Sainte-Catherine Labouré school celebrates its 60th anniversary

The Principal of St. Catherine Labouré School, Jodi Reuter, does not take the acronym for Glenview Institution lightly.

Particularly on the occasion of the 60th anniversary of the Glenview Catholic School, which teaches approximately 180 students, from kindergarten to grade eight, at 3425 Thornwood Ave.

“It has always been synonymous with sharing, caring and love,” said Reuter, who has been at St. Catherine Labouré for 22 years.

“But we’ve also elevated that over the years to be academic achievement, Catholic values ​​and lifelong learning,” she said, earning double points on the “L.”

“I think with the 60th anniversary celebration, and you look up and down the halls – we have the pictures of all the graduating classes – we certainly know that we achieved all of these things with all of these graduates,” Reuters said. .

St. Catherine Labouré Church pastor Isaac Lara said the ground was laid for the school building on April 23, 1961, and its cornerstone was laid on August 26.

The school opened on January 3, 1962, and the new building was dedicated on April 8, 1962. It cost $750,000 to construct, which Reverend Lara said would cost $7.1 million at prices of today.


        
        
        
        
        
        
        
        
        
        
        
        
        
        
        
        
        
        
        
        
        
        
        
        

The pastor said St. Catherine Labouré Church was built in 1960. While the parish’s 60th anniversary was recognized in 2020, COVID precautions prohibited a “genuine celebration”, Lara said.

“We want to include former students, teachers and families, but we also want to include the community as a whole in the appreciation of the church,” he said.

The school’s 60th anniversary will be celebrated on October 15 in tandem with the Sainte-Catherine Labouré Oktoberfest, the first time in several years that this event has taken place. Historically, Oktoberfest attracts past and present school families, alumni, parishioners, and current and retired teachers.

All are welcome to the 16-acre campus. From noon to around 4 p.m., the first section of this three-part festival is aimed primarily at families and children. From 12:30 p.m. to 2:30 p.m. there will be a balloon artist, makeup artists, a bouncy house and a pumpkin patch. The family portion ends with JG’s Reptile Road Show starting at 3 p.m.

A children’s meal, juice or water, and a German pretzel are also available for an additional charge from noon to 4 p.m. Beer, wine and other beverages will be available for purchase for adults.

A community mass will be celebrated at 5 p.m. in the adjacent Sainte-Catherine Labouré church.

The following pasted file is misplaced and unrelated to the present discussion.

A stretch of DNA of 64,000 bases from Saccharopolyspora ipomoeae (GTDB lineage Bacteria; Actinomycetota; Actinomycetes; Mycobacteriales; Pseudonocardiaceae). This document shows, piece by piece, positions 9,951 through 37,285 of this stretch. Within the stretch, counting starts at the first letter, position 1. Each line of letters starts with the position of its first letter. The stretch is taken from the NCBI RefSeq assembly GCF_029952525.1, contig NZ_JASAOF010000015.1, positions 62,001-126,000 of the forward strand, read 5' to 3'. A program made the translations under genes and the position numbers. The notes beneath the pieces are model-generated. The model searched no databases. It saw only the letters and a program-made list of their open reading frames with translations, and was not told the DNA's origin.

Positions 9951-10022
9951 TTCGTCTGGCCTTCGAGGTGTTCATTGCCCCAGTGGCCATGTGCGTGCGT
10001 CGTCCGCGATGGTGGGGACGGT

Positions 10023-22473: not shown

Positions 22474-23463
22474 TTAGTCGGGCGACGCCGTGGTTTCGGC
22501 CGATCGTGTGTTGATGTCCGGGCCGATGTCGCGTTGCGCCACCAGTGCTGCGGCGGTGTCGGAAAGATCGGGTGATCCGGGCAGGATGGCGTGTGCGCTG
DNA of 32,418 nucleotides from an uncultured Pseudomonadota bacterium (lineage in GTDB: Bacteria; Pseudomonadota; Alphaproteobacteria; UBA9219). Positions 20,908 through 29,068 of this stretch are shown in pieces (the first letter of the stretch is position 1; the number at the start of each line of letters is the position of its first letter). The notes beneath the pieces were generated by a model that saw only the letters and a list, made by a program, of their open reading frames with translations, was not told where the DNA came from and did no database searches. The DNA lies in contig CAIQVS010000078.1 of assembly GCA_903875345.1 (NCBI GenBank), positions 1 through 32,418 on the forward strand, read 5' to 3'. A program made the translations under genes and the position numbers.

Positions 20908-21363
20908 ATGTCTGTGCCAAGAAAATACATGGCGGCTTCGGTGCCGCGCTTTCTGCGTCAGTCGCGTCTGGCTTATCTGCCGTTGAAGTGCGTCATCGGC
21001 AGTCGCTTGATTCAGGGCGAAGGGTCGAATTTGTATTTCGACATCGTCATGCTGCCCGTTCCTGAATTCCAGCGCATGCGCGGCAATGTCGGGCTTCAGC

After that, it’s adult time until 11 p.m., with a beer tent, the Die Muskimeisters band from 6 p.m. to 8 p.m., and a disc jockey. Teachers, staff and church ministry groups created baskets of auction items, and a commemorative beer mug will be sold, along with a German meal including bratwurst, salad potatoes and sauerkraut.

“It’s just an opportunity to bring everyone together,” Lara said.

Sainte-Catherine Labouré parish has about 1,100 families, he said. The majority of students live in Glenview, Reuters said, but the parish and school also attract people from Arlington Heights, Buffalo Grove, Des Plaines, Evanston, Morton Grove, Niles, Northbrook, Prospect Heights and other communities. .

“When people come to school, they feel the diversity,” Lara said. “We are inclusive; we include everyone who comes to our doors. Most of us are from Glenview, but we are also fortunate to have other families from the suburbs around Glenview. … We have families from all these places because they see the value of Sainte-Catherine Labouré school.

The school’s anniversary celebration is the last of the notable events organized by the parish. Cardinals John Cody, Francis George and Blase Cupich have all visited it during its history – Cupich most recently after Saint Catherine Labouré created a shrine to Our Lady of Fatima.

Cupich’s standing room-only mass, conducted that day, left an impression on the cardinal.

“‘Wow, you really are a United Nations parish,'” Reuter recalled saying.

“He was referring to the diversity he saw within the congregation,” she said. “We have families from so many different countries, and we have so many ministries within the church. He testified to that, and it was really good.”

This could very well be a topic of discussion on October 15 as people return to Sainte-Catherine Labouré.

“When people come back, we hope old-timers can visit the building, walk around and revisit those days,” Reuters said.

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